To position and align Falcon 9's components, SpaceX used Leica laser trackers and Verisurf's BUILD application, which is a virtual gauge. The trackers fed measurement data directly to Verisurf, which reported, in real time, the accuracy of each section relative to the CAD model used in design and manufacturing.
After assembly, the SpaceX crew raised Falcon 9 into its vertical launch position. To follow its intended flight path, launch specifications allowed the vector of the vehicle to deviate by only 0.02 ° over the 157-ft. length. Mosse says that they again turned to the PCMMs to confirm a "ready-to-launch" status.
"The specs allowed the nose to be off of vertical by 6 in.," he explains. "Verisurf reported that we had only a one-hundredth's-inch deviation East to West, and three-hundredths from North to South "and from the ground up, all sections were at their nominal positions."
Mosse notes that this alignment accuracy was possible because of the controls used in manufacturing and assembly operations at the company's Hawthorne, CA, facility.
"We have a set of five fixtures that are used to position rocket components and drill a pattern of 144 holes," he offers as an example. "These holes dictate the alignment of Falcon 9's sections."
As he did in pre-flight preparation, Mosse used Verisurf to place the fixtures before committing to the drilling operations.
"With Verisurf, we are looking directly at the CAD model and the measurement results," Mosse states. "We see the measurements reflected against the 3D model. This makes the process faster and reduces mistakes."
Rendering of Dragon orbiting with solar panels extended.
He notes that before Verisurf, his team had to interpret page after page of 2D drawing dimensions.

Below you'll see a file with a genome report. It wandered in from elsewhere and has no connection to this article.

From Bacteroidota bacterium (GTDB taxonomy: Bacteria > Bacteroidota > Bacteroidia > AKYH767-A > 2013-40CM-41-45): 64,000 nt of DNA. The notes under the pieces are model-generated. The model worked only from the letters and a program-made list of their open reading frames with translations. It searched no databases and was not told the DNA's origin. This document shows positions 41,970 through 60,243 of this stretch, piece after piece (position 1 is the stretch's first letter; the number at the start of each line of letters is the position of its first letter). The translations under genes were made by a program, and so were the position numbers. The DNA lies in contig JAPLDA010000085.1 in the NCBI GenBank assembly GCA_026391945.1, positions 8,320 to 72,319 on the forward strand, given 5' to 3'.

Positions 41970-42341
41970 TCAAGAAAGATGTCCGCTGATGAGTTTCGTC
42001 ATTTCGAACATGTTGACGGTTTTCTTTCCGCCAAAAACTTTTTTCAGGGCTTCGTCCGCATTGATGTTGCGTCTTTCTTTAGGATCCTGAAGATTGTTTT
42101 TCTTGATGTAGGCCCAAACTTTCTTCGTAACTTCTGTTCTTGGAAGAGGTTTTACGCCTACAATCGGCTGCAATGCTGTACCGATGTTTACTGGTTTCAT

"We had to rely on people's ability to visualize 3D measurements from 2D drawings, which results in interpretation problems," he says.
Before assembly, Mosse used his PCMMs to measure parts and tooling during fabrication and manufacturing. For example, SpaceX will drive both Leica trackers and Romer arms with Verisurf when measuring composite tooling or weld fixtures.
"We inspect these items to the CAD data. In many cases, we will inspect to profile tolerances only," Mosse says. "We aren't drawing free, yet, but like the rest of the aerospace industry, we are striving to implement model-based definition to achieve its many benefits."
For SpaceX, the most important benefit is time. Model-based definitions with profile tolerances eliminate the time to document an engineering drawing; reduce the time to create inspection plans and reports; and accelerate identification and resolution of manufacturing issues. With an aggressive schedule of more than 30 Falcon 9 launches over the next four years, including 12 space station deliveries, every moment counts.
SpaceX's philosophy is that through simplicity, it can deliver more reliable vehicles at a lower cost. SpaceX counts on Verisurf to help deliver on this goal.
"With Verisurf, we have very quick assurance that we are in the proper 3D space," Mosse says.
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This article was contributed by Verisurf.